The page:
Revisited: Why I like TV

I grew up, like most men my age, as a big fan of television. One of my earliest memories is preparing to go to school each morning so I’d have enough time to watch reruns of “The Three Stooges.” I was on the kiddies’ show “Skipper Chuck’s Popeye Playhouse”; I’m told that when the Skipper threw the floor open to an on-air question-and-answer segment, I asked “Can I go to the bathroom?” I was a huge fan of the country-humor genre best represented by the likes of “Green Acres” and “The Beverly Hillbillies,” shows I defend to this day for their under-appreciated irony.

As I’ve grown into middle age, I find myself watching TV less and less. I’m not sure why, though I do believe my son’s monopoly of the widescreen we bought a year or so back plays a big part in what I’d otherwise call my maturation. He prefers shows like “Halo” and “Guitar Hero,” the plots of which I’m completely unable to comprehend, except that they require a really strange remote. My wife and I still manage to arrange some family TV time with a few shows we all like – “House”, “The Colbert Report” – but just as the proliferation of specialty cable channels has segmented audiences in general, we too have developed our separate interests.

What seems to differentiate us the most these days though is our TV-viewing styles. Rob has that ability he shares with the rest of his generation for electronic multi-tasking, combining television with the Internet, text messaging, instant messaging, cell phone conversations, homework, petting his cats and annoying his mom. Laura is able to watch long movies in 5- or 10-minute segments while going about more productive activities. How she’s able to remember plot points from one segment to the next, while I can barely remember what show I’m watching during commercial breaks, is beyond me.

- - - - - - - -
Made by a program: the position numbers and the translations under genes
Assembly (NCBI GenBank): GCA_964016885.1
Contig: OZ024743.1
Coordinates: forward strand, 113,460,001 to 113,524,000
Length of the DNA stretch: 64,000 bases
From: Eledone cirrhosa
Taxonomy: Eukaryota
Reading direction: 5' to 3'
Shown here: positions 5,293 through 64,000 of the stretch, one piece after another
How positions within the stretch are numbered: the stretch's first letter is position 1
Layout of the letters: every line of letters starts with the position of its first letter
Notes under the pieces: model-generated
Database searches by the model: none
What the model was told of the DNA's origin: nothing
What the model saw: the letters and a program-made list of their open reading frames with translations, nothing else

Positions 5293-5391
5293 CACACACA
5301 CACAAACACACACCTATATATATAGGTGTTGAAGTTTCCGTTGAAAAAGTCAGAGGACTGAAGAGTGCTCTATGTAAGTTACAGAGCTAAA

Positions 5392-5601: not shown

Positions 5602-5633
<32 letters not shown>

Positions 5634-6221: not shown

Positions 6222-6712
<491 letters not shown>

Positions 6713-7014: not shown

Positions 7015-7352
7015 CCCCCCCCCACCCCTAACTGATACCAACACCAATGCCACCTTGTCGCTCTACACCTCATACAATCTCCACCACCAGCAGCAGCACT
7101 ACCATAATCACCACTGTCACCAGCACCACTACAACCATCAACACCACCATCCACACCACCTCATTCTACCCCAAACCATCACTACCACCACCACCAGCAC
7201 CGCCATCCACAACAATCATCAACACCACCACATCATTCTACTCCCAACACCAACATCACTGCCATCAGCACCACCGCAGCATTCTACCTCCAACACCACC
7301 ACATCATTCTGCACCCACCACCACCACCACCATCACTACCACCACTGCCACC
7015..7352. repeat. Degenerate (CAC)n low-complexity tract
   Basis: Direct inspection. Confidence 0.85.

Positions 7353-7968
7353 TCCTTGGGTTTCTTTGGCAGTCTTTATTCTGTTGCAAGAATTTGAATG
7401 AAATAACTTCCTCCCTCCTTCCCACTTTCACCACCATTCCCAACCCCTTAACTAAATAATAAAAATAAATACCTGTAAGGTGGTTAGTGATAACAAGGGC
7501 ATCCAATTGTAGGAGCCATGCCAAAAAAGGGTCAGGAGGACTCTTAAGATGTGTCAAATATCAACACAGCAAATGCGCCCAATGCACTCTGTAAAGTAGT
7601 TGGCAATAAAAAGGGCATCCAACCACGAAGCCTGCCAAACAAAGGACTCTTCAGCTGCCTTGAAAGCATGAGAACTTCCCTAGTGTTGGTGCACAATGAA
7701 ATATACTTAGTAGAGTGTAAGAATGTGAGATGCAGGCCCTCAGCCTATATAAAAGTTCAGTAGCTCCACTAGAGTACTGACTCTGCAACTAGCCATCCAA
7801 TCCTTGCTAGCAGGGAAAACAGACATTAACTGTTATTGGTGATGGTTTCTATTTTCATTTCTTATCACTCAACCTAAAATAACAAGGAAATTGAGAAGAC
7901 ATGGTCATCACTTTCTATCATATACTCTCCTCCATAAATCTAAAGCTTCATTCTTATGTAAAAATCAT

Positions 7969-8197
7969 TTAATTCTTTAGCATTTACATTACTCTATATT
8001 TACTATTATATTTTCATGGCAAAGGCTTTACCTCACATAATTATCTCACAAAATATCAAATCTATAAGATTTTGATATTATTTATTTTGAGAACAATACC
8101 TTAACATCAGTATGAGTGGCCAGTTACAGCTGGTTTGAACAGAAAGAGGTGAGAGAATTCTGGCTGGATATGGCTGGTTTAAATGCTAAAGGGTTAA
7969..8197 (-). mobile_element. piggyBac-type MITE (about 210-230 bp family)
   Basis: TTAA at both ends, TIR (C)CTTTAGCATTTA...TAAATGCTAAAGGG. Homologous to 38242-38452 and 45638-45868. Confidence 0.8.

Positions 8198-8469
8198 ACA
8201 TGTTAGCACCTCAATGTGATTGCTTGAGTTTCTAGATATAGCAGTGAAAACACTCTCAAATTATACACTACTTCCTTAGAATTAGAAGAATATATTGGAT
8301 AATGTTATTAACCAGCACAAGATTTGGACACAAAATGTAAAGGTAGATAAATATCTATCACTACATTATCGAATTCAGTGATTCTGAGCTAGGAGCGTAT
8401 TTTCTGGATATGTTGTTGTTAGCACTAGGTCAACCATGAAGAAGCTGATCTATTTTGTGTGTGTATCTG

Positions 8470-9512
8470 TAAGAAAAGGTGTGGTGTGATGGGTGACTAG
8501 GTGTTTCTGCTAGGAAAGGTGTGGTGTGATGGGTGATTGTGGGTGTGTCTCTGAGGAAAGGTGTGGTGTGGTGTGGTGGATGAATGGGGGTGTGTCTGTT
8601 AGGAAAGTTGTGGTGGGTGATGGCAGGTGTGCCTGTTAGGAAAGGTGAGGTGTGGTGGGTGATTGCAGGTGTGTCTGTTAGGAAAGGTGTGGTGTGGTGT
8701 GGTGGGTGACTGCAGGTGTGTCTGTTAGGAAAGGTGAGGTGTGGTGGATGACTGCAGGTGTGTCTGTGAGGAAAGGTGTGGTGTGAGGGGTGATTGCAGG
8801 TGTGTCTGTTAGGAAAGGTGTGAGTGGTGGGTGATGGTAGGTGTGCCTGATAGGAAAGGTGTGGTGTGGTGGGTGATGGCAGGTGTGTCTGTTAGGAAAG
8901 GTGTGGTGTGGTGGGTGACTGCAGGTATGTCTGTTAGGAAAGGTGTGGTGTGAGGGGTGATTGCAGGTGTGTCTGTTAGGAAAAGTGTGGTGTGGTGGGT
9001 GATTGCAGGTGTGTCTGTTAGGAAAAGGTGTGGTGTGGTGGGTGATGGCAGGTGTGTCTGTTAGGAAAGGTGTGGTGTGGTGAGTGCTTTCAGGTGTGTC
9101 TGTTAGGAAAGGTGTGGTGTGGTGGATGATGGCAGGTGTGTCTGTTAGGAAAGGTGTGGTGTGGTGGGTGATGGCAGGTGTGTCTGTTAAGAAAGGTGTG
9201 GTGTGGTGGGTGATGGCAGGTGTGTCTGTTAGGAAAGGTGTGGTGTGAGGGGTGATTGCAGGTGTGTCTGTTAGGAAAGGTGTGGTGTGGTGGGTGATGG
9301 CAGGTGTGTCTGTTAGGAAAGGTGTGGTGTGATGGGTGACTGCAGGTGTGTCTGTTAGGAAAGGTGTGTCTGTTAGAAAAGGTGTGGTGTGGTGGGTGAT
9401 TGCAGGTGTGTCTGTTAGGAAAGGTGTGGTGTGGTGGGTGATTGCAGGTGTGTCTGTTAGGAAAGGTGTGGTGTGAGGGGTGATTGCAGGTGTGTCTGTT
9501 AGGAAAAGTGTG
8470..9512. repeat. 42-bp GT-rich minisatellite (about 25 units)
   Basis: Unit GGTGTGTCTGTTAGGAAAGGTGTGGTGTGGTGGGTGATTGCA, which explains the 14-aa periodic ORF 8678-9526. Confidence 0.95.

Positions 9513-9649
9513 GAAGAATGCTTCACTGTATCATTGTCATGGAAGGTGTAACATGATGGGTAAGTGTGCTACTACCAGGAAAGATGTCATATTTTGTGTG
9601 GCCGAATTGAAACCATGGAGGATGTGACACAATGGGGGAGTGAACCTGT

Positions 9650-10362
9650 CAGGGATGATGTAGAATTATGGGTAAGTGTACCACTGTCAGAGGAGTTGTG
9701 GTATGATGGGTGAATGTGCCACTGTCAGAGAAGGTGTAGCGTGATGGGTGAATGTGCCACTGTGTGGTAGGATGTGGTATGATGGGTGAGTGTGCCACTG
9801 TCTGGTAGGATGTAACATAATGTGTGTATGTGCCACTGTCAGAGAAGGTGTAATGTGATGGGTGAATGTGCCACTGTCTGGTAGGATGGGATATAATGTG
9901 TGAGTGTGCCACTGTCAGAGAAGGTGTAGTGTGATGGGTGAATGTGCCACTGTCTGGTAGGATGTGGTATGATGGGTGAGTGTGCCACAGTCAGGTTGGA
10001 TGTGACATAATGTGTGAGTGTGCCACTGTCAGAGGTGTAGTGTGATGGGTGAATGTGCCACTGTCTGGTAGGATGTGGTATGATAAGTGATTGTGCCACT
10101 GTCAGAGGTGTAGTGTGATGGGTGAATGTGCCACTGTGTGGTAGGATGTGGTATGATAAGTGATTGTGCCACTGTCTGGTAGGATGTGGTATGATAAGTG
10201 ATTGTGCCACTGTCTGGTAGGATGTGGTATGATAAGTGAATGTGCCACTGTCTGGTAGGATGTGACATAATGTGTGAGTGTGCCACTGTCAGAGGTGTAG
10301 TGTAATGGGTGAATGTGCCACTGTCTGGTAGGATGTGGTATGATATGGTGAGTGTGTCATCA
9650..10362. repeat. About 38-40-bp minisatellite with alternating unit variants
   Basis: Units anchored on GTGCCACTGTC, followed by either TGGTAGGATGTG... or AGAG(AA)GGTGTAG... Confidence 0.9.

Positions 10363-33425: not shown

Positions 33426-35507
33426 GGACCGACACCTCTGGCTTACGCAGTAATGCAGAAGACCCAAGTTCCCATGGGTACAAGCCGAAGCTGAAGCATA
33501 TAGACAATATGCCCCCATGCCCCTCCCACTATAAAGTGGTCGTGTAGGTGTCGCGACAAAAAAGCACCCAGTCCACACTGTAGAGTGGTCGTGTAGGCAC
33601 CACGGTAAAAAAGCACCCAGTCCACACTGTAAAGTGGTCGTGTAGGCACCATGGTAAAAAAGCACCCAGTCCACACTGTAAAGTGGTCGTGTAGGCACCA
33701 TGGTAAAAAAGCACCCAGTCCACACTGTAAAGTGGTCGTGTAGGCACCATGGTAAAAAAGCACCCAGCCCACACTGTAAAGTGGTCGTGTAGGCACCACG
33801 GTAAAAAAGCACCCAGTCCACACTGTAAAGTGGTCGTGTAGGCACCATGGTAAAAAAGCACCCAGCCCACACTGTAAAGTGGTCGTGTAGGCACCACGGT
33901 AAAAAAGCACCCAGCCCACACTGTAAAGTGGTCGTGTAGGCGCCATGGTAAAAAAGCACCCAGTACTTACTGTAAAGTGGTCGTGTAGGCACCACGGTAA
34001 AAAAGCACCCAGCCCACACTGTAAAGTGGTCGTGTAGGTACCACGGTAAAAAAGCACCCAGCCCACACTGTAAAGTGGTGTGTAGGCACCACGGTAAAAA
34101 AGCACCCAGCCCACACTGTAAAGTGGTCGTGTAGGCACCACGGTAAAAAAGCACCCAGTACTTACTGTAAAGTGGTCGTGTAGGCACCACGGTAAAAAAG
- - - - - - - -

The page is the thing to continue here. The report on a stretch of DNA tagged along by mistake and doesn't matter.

Maybe it’s because I’m not paying attention. Or rather, it’s because I’m paying attention on a whole different level than what she and others see. (Kind of like President Bush was paying attention to the nation on what can politely be called “a whole different level”). I suspect I share a trait with many other men who watch television for two distinct reasons. Sometimes I watch because the broadcast is interesting, and other times I prefer just to let the electrons fly and lull me into a state that closely resembles irreversible coma.

Smarter people than I have labeled these two viewing styles as “lean forward” and “lean back.” The lean-forward style is used when you’re intently engaged with the monitor in front of you, whether it’s displaying the final minute of a tight football game or a particularly titillating spreadsheet. The lean-back style represents a more casual interface, like when you’re at work. Sometimes I really want to be paying attention to what’s on, while at other times it’s just the “on-ness” that matters.

And it’s hard for even me to predict which mode is going to seem more appropriate for any given TV-watching opportunity. There are many shows that sound good in theory and yet I find it difficult to get around to them. On my DVR right now, for example, are recent broadcasts I recorded including a documentary on 9/11, a high-definition portrayal of what it’s like to be imprisoned in India, and six episodes of “Mad Men”. I often joke that what I need in order to get caught up on this backlog is a good case of spinal meningitis to put me on the couch for a couple of months. In one sense, though, I’ve got the feeling that recording the programs is basically equivalent to watching the programs, and that actually playing them out is overkill.